Wednesday, March 9, 2011

Hacktivism What is it?

Hacktivism – What does this actually mean? From Wikipedia, the free encyclopedia

The term hacktivistm was first used by designer/author Jason Sack in a 1995 InfoNation article about the media artist Shu Lea Cheang.

If hacking as "illegally breaking into computers" is assumed, then hacktivism could be defined as "the nonviolent use of illegal or legally ambiguous digital tools in pursuit of political ends". These tools include web site defacements, redirects, denial-of-service attacks, information theft, web site parodies, virtual sit-ins, and virtual sabotage.[3] Acts of hacktivism are carried out in the belief that proper use of code will be able to produce similar results to those produced by regular activism or civil disobedience. Can often be misconstrued as cyberterrorism.

I believe it is a mean of protest or achieving justice. This happens right here in Michigan, look at the little girl dying from Trenton it was on twitter, Face Book, just to name a few.

Due to the Outrage of everyone the neighbor was finally brought to justice.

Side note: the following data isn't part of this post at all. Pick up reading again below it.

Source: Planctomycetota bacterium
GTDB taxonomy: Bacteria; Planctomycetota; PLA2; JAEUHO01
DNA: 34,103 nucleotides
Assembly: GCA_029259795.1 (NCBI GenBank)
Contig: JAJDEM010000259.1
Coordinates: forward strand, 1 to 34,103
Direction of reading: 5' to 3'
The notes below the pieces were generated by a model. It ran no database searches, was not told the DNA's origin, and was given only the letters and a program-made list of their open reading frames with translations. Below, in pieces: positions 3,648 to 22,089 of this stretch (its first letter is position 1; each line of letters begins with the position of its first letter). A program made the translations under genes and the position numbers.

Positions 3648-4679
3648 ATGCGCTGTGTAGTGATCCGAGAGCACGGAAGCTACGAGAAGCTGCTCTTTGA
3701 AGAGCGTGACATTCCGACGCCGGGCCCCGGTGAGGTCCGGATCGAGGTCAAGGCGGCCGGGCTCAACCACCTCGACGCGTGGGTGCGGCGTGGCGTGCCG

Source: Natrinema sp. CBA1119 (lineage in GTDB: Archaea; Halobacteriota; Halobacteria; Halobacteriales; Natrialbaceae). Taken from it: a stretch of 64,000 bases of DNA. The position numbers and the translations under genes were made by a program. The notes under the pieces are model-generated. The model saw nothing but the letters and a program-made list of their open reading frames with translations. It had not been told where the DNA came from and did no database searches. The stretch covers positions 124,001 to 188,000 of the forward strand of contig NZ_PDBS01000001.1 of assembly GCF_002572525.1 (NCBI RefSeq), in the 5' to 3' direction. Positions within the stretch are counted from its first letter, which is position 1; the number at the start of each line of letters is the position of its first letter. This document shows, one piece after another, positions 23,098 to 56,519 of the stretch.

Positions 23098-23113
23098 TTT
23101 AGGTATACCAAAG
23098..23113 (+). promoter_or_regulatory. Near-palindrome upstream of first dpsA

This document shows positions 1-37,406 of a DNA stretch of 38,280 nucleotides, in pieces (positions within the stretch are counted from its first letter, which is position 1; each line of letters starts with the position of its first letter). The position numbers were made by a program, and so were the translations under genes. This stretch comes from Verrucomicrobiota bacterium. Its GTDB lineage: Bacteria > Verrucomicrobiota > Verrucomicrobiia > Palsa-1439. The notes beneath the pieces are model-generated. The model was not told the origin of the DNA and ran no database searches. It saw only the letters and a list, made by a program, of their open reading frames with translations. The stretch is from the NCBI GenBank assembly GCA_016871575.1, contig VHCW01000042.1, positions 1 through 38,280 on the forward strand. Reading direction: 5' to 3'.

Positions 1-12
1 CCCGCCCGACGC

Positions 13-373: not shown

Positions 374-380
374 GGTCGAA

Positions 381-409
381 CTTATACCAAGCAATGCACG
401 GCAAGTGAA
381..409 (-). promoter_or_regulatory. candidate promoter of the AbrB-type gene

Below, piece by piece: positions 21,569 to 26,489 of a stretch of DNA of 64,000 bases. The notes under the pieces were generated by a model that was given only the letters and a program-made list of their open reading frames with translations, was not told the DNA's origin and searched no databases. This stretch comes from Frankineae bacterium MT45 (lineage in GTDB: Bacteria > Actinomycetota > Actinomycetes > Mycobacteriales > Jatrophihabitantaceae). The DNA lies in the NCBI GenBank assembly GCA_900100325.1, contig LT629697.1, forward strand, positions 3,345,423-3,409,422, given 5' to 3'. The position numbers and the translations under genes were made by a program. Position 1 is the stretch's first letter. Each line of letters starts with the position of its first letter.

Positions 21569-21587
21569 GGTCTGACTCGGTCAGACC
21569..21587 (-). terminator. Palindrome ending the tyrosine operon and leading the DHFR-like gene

It this it what it takes to bring folks that are un-human to justices then so be it, as long as everyone doesn't take the law into there own hands. .

1 comment:

  1. Your points are interesting. I found this website which goes into good detail about the definition and purpose of "hacktivism." You mention that hacktivism includes website defacements and DOS attacks that attempt to achieve a politcal end. I agree that in order to be considered hactivism there must be some sort of political or social goal. The Hacktivist website notes that a simple act of defacement is not hacktivism, despite being the most cited form in the media. It goes on to mention that in order to be considered hacktivism, a defacement must have a "level of intentionality that the overwhelming majority of defacements don't have" and that a random website defacement is not considered hacktivism at all. Do you agree?